Studies of nonneuronal cells have implicated JNK in the induction of autophagy. Indeed, this study confirmed the conclusion that JNK can contribute to increased autophagy by examining primary mouse embryonic fibroblasts (MEFs) with compound JNK deficiency. The mechanism of JNK-induced autophagy may be mediated by phosphorylation of Bcl2 by JNK and the subsequent release of the autophagic effector Beclin-1. The sites of JNK phosphorylation on Bcl2 are conserved in the related protein Bcl-XL. This conservation suggests that phosphorylation of Bcl2 and Bcl-XL is functionally important. Phosphorylation of Bcl2 and Bcl-XL by JNK and other protein kinases may represent an important mechanism of autophagy regulation. Indeed, the properties of JNK as a stress-responsive kinase provide an elegant mechanism for coupling stress exposure to the induction of autophagy (Xu, 2011).

Studies of nonneuronal cells demonstrate that JNK is markedly activated from a low basal state when cells are exposed to stress. However, JNK is regulated very differently in neurons. JNK1 remains constitutively activated under basal conditions, while JNK2 and JNK3 exhibit low basal activity and are stress-responsive. The proautophagy role of JNK in nonneuronal cells has been reported to be mediated by JNK1. It is therefore intriguing that JNK1 is constitutively activated in neurons. Based on studies of nonneuronal cells, the constitutive activation of JNK1 in neurons should cause autophagy. A mechanism must therefore exist to prevent autophagy activation by constitutively activated JNK1 in neurons. Although the mechanism is unclear, these considerations indicate that neurons are refractory to the proautophagy JNK1 signaling pathway that has been identified in nonneuronal cells (Xu, 2011).

This analysis of compound JNK-deficient neurons demonstrates that JNK regulates neuronal autophagy. In contrast to the proautophagy role of JNK nonneuronal cells, neuronal JNK acts to suppress autophagy. Loss of neuronal JNK function causes engagement of a transcriptional program that leads to increased expression of autophagy-related genes and the induction of an autophagic response. One consequence of autophagy induction caused by JNK deficiency is improved neuronal survival (Xu, 2011).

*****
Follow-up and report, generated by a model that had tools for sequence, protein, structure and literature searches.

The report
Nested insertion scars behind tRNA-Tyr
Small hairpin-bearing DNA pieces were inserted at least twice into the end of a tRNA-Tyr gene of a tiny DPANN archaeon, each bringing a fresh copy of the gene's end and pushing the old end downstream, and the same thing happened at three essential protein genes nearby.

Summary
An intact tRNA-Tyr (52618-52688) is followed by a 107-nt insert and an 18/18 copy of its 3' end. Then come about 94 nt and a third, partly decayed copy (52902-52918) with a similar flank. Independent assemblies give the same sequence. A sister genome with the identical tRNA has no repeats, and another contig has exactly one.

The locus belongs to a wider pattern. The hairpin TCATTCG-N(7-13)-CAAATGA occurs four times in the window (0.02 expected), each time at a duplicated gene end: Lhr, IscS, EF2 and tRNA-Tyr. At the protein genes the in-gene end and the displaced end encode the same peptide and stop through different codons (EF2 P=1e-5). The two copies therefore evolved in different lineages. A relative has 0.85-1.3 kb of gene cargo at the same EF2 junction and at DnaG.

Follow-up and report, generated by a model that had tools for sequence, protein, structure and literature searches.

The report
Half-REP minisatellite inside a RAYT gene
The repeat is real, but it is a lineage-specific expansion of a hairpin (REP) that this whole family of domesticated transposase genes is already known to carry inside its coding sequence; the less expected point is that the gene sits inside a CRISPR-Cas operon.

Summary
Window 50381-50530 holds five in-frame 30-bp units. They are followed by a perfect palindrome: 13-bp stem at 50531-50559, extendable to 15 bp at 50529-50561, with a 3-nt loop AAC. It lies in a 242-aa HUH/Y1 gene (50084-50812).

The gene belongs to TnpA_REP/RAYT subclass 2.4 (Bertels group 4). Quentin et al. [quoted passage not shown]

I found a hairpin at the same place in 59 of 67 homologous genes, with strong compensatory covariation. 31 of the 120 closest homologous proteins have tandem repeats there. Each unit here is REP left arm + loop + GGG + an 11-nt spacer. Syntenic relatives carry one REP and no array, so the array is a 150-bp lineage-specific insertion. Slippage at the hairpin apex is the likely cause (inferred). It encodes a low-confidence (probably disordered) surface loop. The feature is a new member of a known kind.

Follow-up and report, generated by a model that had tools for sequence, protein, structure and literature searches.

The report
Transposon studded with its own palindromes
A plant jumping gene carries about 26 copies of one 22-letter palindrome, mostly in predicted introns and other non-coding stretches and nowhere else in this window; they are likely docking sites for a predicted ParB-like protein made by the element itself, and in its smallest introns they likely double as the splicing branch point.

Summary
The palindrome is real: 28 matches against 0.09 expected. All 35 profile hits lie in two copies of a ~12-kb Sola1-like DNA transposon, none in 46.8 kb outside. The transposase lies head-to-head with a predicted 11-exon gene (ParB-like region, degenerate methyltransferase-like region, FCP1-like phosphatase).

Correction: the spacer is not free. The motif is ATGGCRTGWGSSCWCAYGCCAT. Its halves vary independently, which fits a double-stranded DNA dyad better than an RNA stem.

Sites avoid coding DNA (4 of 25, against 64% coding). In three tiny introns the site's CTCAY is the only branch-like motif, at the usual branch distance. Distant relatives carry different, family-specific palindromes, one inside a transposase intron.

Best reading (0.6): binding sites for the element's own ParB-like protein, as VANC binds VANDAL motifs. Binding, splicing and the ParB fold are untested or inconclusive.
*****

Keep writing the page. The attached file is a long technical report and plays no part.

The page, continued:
FoxO transcription factors are implicated in the induction of both cell death (apoptosis) and cell survival (autophagy) responses. The results of this study identify JNK as a signaling molecule that may contribute to the coordination of these divergent responses to FoxO transcription factor activation (Xu, 2011).

FoxO activation in neurons leads to the expression of the target gene Bim, a proapoptotic BH3-only protein, and causes cell death. JNK activation in neurons promotes expression of Bim, most likely because JNK-dependent AP-1 activity is required for Bim expression. Moreover, JNK phosphorylates Bim on an activating site, and also causes the release of Bim from complexes with the anti-apoptotic Bcl2 family protein Mcl-1. Together, these processes initiate JNK-dependent apoptosis. JNK inhibition can therefore prevent neuronal cell death. Indeed, small molecule inhibitors of JNK cause neuroprotection in models of neurodegenerative disease (Xu, 2011).

Activation of FoxO transcription factors can also cause increased expression of autophagy-related genes, including Atg8/Lc3b, Atg12, and Bnip3. While JNK cooperates with FoxO to increase proapoptotic Bim expression, JNK deficiency prevents induction of Bim expression and promotes a survival response that is mediated by increased FoxO-dependent expression of the autophagy-related target genes Atg8/Lc3b, Atg12, and Bnip3. Indeed, inhibition of autophagy in JNK-deficient neurons causes rapid death. This neuronal survival response is relevant to stroke models in which neuronal death is mediated by a JNK-dependent mechanism (Xu, 2011).

Together, these data demonstrate that cross-talk between the FoxO and JNK signaling pathways leads to neuronal death. In contrast, loss of JNK promotes FoxO-induced survival mediated by increased autophagy. JNK therefore acts as a molecular switch that defines the physiological consequence of FoxO activation in neurons (Xu, 2011).

Thus, JNK is implicated in the induction of autophagy in nonneuronal cells. However, JNK1 is constitutively activated in neurons, and these cells are refractory to JNK-induced autophagy. Instead, JNK acts to suppress autophagy in neurons by inhibiting FoxO-induced expression of autophagy-related genes (e.g., Atg8/Lc3b, Atg12, and Bnip3) and increasing the expression of proapoptotic genes (e.g., Bim). JNK inhibition causes neuroprotection that is mediated by loss of proapoptotic gene expression and increased autophagy (Xu, 2011).

Bcl-2 family members as regulators of the cell death hierarchy: Bcl-2 proteins as ion channels and regulators of mitochondrial membrane permiability